soul is our ultimate bowl

bowl for little skateboarderParents and children have a symbiotic relationship:  as parents, we help facilitate the self of the child develop, while the act of parenting allows us to develop our deeper Selves (or perhaps more poetically, our soul-Selves).

While science hasn’t yet located the soul, or the mind for that matter, that doesn’t mean the concept of “soul” is not a useful metaphor, evoking at least the notion that there is something eternal in us.  In some cultures the soul is framed as a given, but in other cultures it is viewed as something one must make.  I like that idea, and while I like to think of the ego-self as a bowl, I like to think of the soul-Self as yet a bigger and more sacred bowl.  In this paradigm we make our soul so that we can hold something of the vast sacred within our personal psyche, and we can also hold our children and their stormy needs and wants and struggles for freedom and autonomy along with their regressive tugging and devouring of our time, patience and resources. 

Parenting can make us Zen, and being Zen can make us better parents.  Just as the nights of the round table placed themselves gallantly, and collectively, in the service of their vision of a just world, we can place our ego-selves in the service of our soul-Selves, and in turn we can place our soul-selves in the service of our collective SELF—what some might call “God” and others might just call “what is,” and what I would frame as the cause of all our collective “kids” (the humans, animals, plants and even the minerals of our shared world).  After all, just because we cannot measure the life energy in “things” doesn’t mean that there is not life energy in every single buzzing atom.

Quantum physics suggests that there is no objective observer separate and distinct from whatever is observed:  look for a wave and you will find one, look for a particle and you will find one, but it’s what you decide to look for that seems to determine what you will find.  Thus, look for your soul, ask what it wants of you, and you will find your path.  Conversely, look for a meaningless world filled with danger and cruelty and you will surely find it.  And look for your sacred, balanced, splendid and perfectly imperfect child and you will find her—and your happiness just might sneak up on you as you do this.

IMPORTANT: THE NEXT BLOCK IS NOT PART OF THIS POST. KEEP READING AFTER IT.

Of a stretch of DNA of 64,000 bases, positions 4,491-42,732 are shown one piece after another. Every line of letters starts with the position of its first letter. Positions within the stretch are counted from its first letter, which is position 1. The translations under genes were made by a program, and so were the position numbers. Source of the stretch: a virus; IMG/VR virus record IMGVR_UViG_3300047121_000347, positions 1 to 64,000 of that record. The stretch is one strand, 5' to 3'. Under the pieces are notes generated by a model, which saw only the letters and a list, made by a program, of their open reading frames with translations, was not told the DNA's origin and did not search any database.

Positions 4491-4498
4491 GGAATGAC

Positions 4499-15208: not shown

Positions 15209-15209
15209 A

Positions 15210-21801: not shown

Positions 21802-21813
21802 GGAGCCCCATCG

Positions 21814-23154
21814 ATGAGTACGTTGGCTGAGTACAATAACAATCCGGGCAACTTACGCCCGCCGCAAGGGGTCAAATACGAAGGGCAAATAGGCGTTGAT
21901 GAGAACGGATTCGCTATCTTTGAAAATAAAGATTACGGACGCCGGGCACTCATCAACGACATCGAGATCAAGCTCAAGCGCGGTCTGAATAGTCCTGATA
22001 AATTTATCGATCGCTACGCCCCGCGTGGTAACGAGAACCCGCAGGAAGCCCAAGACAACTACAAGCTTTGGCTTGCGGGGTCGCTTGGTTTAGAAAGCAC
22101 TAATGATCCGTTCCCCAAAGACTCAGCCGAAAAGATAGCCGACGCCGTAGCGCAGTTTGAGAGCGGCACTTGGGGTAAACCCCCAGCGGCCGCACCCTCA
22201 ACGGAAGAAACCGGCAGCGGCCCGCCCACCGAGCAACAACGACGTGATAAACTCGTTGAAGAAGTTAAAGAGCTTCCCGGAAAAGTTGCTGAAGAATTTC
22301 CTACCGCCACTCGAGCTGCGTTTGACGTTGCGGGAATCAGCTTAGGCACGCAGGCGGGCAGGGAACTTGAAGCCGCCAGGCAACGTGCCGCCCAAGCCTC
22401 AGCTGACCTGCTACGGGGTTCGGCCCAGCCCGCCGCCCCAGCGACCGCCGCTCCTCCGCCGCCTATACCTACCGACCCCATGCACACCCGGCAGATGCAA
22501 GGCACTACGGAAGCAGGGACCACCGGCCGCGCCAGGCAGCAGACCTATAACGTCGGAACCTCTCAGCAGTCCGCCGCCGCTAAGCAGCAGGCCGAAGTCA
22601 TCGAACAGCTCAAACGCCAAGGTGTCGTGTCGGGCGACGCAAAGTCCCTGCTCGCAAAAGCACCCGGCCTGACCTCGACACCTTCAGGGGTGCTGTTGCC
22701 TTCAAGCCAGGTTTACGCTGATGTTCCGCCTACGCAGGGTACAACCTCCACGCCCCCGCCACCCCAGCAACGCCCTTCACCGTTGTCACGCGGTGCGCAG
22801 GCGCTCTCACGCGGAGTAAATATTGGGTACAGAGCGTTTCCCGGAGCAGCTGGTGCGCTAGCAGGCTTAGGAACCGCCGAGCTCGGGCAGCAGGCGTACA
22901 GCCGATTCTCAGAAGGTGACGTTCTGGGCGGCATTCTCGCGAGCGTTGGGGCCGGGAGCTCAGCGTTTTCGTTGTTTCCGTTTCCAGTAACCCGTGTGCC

Individuation, or becoming our true and authentic (or soul) Selves is a process of integrating opposites.  If we insist in a world of love and light, we push off darkness and hate onto the “other” (and fail to recognize that other as our Shadow).  If we make a bowl that can hold the yin and the yang simultaneously, the dark and the light, the love and the hate, we make our way to tranquility, compassion and good feelings that last (and they can last precisely because we have accepted and integrated bad feelings that also last, and come to trust that if the universe didn’t want us to have sad, angry, lonely and desperate feelings then we wouldn’t have them).

While the ego-self is a bowl formed largely by getting (i.e. attention, support and encouragement) the soul-Self is a vessel formed by giving (i.e. attention, compassion, non-judgment) which is organically called into action by the demands of parenting.  A growing soul-Self deepens our capacity to contain the unwanted and/or unmanageable (at least to our kids) feelings that swamp our children.  Holding our children within our psyches is a profound way of knowing and of loving them.

So, here’s to parenting mindfully and consciously, to viewing child-care as both a self-tending (for our kids) as well as a soul-making (for ourselves) endeavor, one rife with productive suffering and transcendent epiphanies.  And here’s to doing this in the service of our individual children, our collective children and our emerging unity consciousness—the one world that we all co-create, live, die, learn, evolve, suffer, love and play within. 

Namaste, Bruce


One Response to “soul is our ultimate bowl”

  1. Always look on the bright side of… depression « Privilegeofparenting’s Blog Says:

    […] Rise to it, give even though you don’t much feel like it and embrace its pain and the angst as productive suffering and you may find, as I have, that parenting in and of itself, can be a path toward greater […]

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